NASA researchers have come out with a model that provides a closer look at a nearby star thought to resemble our young Sun.

The work allows scientists to better understand what our Sun may have been like when it was young, and how it may have shaped the atmosphere of our planet and the development of life on Earth.

At 4.65 billion years old, our Sun is a middle-aged star. Scientists are often curious to learn exactly what properties enabled our Sun, in its younger years, to support life on nearby Earth.

Without a time machine to transport scientists back billions of years, retracing our star's early activity may seem an impossible feat. Luckily, in the Milky Way galaxy of ours, there are more than 100 billion stars and one in ten share characteristics with our Sun, many of them in the early stages of development.

Illustration of what the Sun may have been like 4 billion years ago, around the time life developed on Earth.

Vladimir Airapetian, senior astrophysicist in the Heliophysics Division at NASA's Goddard Space Flight Center in Greenbelt, Maryland, and first author on the new study said the scientists are "looking at characteristics of a young star similar to ours, to better understand what our own star was like in its youth, and what allowed it to foster life on one of its nearby planets."

Kappa 1 Ceti is one such solar analogue. Located about 30 light-years away and estimated to be between 600 to 750 million years old, it was around the same age our Sun was when life developed on Earth.

It also has a similar mass and surface temperature to our Sun, said the study's second author, Meng Jin, a heliophysicist with the SETI Institute and the Lockheed Martin Solar and Astrophysics Laboratory in California. All of those factors make Kappa 1 Ceti a "twin" of our young Sun at the time when life arose on Earth, and an important target for study.

Airapetian, Jin, and several colleagues have adapted an existing solar model to predict some of Kappa 1 Ceti's most important, yet difficult to measure, characteristics. The model relies on data input from a variety of space missions and the study was published in The Astrophysical Journal.

Stellar Wind

Stellar wind can have a significant impact on planets at any stage of life. But the strong, highly dense stellar winds of young stars can compress the protective magnetic shields of surrounding planets, making them even more susceptible to the effects of the charged particles.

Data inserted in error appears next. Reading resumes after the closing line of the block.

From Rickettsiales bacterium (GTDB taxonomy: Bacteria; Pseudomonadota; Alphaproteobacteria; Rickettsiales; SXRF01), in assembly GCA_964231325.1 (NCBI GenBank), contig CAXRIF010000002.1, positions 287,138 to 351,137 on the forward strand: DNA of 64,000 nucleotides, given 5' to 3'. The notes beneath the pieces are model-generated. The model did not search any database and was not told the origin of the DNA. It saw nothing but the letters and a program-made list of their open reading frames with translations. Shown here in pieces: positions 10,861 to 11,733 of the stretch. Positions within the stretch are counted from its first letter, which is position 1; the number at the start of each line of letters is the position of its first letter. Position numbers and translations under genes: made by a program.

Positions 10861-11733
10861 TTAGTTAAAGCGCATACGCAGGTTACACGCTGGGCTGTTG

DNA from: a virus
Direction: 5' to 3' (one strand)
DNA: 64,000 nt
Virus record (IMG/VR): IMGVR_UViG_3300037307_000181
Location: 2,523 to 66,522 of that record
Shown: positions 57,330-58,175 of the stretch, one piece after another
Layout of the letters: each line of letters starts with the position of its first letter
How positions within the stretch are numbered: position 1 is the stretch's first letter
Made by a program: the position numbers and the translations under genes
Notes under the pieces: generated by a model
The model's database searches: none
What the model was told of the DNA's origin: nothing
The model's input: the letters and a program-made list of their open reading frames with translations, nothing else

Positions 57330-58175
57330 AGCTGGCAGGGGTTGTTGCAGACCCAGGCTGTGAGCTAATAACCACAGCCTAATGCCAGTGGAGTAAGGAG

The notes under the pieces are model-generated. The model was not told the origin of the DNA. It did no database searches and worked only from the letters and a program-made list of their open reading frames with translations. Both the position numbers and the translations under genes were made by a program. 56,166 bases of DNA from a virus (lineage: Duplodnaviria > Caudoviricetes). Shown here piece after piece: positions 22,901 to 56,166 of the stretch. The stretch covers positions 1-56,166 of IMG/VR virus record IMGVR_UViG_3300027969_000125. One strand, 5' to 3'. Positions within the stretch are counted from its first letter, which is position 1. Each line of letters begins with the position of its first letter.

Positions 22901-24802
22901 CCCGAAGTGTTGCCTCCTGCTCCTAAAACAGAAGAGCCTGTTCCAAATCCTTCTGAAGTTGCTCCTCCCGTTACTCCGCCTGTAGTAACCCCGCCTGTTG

Our Sun is a perfect example. Compared to now, in its toddlerhood, our Sun likely rotated three times faster, had a stronger magnetic field, and shot out more intense high-energy radiation and particles.

These days, for lucky spectators, the impact of these particles is sometimes visible near the planet's poles as aurora, or the Northern and Southern Lights. About 4 billion years ago, considering the impact of our Sun's wind at that time, these tremendous lights were likely often visible from many more places around the globe, said NASA researchers.

aurora, celestial phenomenon, astronomy, solar wind,
YouTube screenshot/Daniel Lame

That high level of activity in our Sun's nascence may have pushed back Earth's protective magnetosphere, and provided the planet – not close enough to be torched like Venus, nor distant enough to be neglected like Mars – with the right atmospheric chemistry for the formation of biological molecules. Similar processes could be unfolding in stellar systems across our galaxy and universe.

Since stellar wind can affect a nearby planet's magnetic shield, it plays an important role in habitability. The team is also working on another project, looking more closely at the particles that may have emerged from early solar flares, as well as prebiotic chemistry on Earth.

The researchers hope to use their model to map the environments of other Sun-like stars at various life stages.